Book Review: “Some Are Sicker than Others” by Andrew Seaward

Book Review: “Some Are Sicker than Others” by Andrew Seaward

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13579274Book: Some Are Sicker than Others 

Author: Andrew Seaward

Publisher: Self Published

DISCLAIMER: This book contains a lot of graphic language and explicit scenes. Not recommended for a young reader.


The story is told through the narrative of three addicts: M0nty is an alcoholic who had been sober for a year until his fiance died in a car crash, for which he feels responsible; Dave is a self-delusional crack addict, high school volleyball coach who blames everyone else for his problems; Angie is a meth-head whose marriage has fallen apart and begins her story with a sexual relationship with a man who used to date her high school daughter.

These, certainly, are sick individuals.

As the novel develops, their stories merge as they meet at a rehabilitation center called The Sanctuary. Throughout the book, I couldn’t help but ask myself, “Which one of these is the sickest?” Every time I thought I had the “sickest” one pinned down, a turn of events revealed a new title winner.

Andrew Seaward does a phenomenal job in his characterization. He admitted to me that he pulled some material from his own life experience, but this is often when authors create caricatures instead of characters. Seaward pulls it off without falling for this trap, and does so rather well.

5806102The writing style packs a punch, but at times it hits so hard with graphic descriptions that I had to actually skip pages because the scene felt so immediate and painful. For example, there is a scene when Monty finds himself in the hospital after a night of binging. He tries to escape, but in order to get away he has to remove a urine cathater from inside himself. As a man, I couldn’t help but shiver at the details.

Still, the quality of the book’s prose allowed it to claim (and earn) the genre of literary fiction.

Sentences like these stood out:

As they wandered in, so did the stench of stale cigarettes, following them in like a stray cat from the cold.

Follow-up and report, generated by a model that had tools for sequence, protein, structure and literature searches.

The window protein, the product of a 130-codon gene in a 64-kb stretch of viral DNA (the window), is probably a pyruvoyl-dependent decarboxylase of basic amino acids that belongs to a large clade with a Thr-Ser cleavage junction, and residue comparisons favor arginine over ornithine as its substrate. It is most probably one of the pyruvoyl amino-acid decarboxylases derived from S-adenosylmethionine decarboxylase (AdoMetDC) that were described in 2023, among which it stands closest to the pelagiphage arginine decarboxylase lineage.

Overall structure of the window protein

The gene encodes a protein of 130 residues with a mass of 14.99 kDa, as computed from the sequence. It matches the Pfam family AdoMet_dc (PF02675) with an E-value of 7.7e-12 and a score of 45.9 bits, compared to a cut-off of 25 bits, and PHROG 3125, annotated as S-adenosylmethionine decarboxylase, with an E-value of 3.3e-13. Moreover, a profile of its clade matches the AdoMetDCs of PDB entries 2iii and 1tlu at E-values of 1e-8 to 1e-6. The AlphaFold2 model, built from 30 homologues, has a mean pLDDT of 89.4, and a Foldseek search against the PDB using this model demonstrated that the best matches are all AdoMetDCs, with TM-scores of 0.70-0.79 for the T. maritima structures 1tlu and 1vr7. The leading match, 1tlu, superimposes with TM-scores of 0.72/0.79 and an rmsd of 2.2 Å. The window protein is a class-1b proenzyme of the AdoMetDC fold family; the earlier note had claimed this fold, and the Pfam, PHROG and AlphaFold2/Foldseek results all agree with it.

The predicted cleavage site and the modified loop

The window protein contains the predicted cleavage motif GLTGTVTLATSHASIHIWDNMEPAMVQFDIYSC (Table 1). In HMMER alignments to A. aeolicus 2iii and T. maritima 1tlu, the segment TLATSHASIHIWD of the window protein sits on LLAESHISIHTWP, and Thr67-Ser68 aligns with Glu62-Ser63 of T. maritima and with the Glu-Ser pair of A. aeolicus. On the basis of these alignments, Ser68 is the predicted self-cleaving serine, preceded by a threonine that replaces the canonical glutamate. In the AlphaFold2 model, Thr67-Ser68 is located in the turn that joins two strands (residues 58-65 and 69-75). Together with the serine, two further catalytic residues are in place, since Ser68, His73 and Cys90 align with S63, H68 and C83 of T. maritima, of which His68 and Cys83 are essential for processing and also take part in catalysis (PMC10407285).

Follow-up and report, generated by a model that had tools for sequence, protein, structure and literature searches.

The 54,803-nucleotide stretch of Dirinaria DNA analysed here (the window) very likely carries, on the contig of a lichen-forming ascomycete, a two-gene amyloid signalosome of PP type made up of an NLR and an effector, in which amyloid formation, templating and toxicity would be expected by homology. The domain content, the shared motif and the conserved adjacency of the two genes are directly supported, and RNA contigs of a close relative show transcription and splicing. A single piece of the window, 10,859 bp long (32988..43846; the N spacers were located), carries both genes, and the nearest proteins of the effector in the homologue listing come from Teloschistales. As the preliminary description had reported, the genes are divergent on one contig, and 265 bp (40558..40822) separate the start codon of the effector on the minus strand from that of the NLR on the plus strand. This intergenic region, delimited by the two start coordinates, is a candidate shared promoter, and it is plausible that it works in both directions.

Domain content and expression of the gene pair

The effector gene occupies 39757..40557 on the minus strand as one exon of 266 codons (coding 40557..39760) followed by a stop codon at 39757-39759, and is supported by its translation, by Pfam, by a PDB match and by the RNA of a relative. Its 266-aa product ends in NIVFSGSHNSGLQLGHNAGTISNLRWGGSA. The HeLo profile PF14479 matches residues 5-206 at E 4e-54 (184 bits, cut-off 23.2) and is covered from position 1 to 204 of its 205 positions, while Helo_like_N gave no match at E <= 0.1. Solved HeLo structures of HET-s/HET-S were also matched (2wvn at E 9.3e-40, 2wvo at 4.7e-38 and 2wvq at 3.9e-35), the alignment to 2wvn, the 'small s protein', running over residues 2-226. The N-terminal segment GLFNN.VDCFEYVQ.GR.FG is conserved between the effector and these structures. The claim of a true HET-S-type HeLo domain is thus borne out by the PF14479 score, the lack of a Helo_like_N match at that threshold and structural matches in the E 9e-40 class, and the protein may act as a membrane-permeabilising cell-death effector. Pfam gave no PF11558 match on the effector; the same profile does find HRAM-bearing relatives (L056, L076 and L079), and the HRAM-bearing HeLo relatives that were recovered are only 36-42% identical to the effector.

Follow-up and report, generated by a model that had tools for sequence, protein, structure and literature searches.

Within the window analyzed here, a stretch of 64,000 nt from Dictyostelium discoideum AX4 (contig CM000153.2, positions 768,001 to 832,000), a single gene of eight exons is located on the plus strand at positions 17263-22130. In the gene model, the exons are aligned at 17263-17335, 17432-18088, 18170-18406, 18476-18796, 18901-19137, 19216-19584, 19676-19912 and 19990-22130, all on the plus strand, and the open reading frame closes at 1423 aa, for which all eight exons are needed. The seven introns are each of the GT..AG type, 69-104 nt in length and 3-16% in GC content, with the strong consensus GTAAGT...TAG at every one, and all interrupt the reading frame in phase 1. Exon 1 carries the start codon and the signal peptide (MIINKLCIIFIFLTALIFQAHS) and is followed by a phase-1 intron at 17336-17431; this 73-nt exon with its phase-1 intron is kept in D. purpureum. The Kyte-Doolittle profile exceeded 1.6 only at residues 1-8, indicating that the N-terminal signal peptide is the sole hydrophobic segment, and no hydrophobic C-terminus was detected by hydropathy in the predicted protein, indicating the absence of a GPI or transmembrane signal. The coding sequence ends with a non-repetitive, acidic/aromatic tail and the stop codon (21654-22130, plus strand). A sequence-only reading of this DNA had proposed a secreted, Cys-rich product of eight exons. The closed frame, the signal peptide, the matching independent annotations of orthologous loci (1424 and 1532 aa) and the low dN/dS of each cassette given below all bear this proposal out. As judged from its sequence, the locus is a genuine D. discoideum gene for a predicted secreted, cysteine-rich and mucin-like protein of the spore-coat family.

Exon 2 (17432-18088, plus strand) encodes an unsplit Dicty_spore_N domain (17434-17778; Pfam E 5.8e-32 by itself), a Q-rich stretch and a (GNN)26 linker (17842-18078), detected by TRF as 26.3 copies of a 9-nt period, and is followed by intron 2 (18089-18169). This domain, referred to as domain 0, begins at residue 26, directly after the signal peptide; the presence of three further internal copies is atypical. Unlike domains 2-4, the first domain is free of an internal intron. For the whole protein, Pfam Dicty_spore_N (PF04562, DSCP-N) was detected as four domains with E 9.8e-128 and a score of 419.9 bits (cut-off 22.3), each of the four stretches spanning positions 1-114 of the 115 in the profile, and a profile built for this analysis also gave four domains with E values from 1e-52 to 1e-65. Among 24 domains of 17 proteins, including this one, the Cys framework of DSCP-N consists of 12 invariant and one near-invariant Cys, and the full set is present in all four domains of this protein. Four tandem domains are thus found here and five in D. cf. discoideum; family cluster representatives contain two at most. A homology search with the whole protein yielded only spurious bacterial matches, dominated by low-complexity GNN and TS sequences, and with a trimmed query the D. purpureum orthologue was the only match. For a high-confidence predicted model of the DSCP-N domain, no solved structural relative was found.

The car was now completely filled with water, plummeting towards the bottom like a cinderblock.

He always felt better after his morning throw-up.

Real pain wasn’t external … it was internal. It was having to look at yourself in the mirror every f—— day.

As a reader, I was caught up with cheering for a group of addicts who maybe didn’t deserve to be saved. Their actions, their violence, their delusions almost assure them self destruction. As the book progressed, it became harder and harder to determine which (if any) of these characters would make it out of The Sanctuary alive.

At any moment, any of them might rebound. Around every corner, there was an opportunity for healing and self discovery. If only I could figure out which of them was the least sick.

Overall, the book provided a powerful, fast-paced read. The prose latches on and moves with a fierce velocity. Mayhem is already steaming down hill by the time the story even gets started. Not for the faint of heart.

There were only a few minor problems that ulitimately pushed for a four-star rating instead of a perfect five.

The first was that I had a hard time buying into the idea that the entire storyline took place in just a few weeks from start to finish. But this could be overlooked.

The second issue was the tremendous amount of rhetorical questions the characters posed throughout the book. I think bringing up a few rhetoricals to show a character’s confusion or inner struggle is fine, but when the questions start adding up in the dozens they begin to make the novel feel unpolished. Many of these could have been rewritten as belief statements instead of questions and still achieve that sense of insecurity and instability, but without coming across repetitive or somewhat cluttered.

The final problem I had was the extremely heavy dose of explicit language and details used. Now, to be fair, all explicit language used to bring a character’s drug addiction to life and make it feel real to the reader, that needed to stay. But there were moments when descriptions of depravity or sexually explicit content went overboard. For example, there was an extensive scene (which I had to skip) describing Dave (the high school volleyball coach) involved with pornography in his office at work. This scene must have gone on for 3 or 4 pages, something that could have been summarized to a paragraph and still achieve the desired effect for the sake of characterization.

What I loved about the book from a personal perspective is how well it depicted man’s self delusion when caught in the midst of his addiction. Usually an addict turns defensive, combative and isolated. The novel helped reveal some of my own characteristics in dealing with a personal addiction (not drugs), which made a big statement about the story’s realism.

The novel is a solid debut. It is believable, powerful and holds your face to the fumes of addiction in very imminent ways. Without a doubt, this book deserves four sick stars.

Below you can watch a video trailer for the book, created by the author himself.

About Michel Sauret

I'm a independent and literary fiction author and Pittsburgh-based photographer

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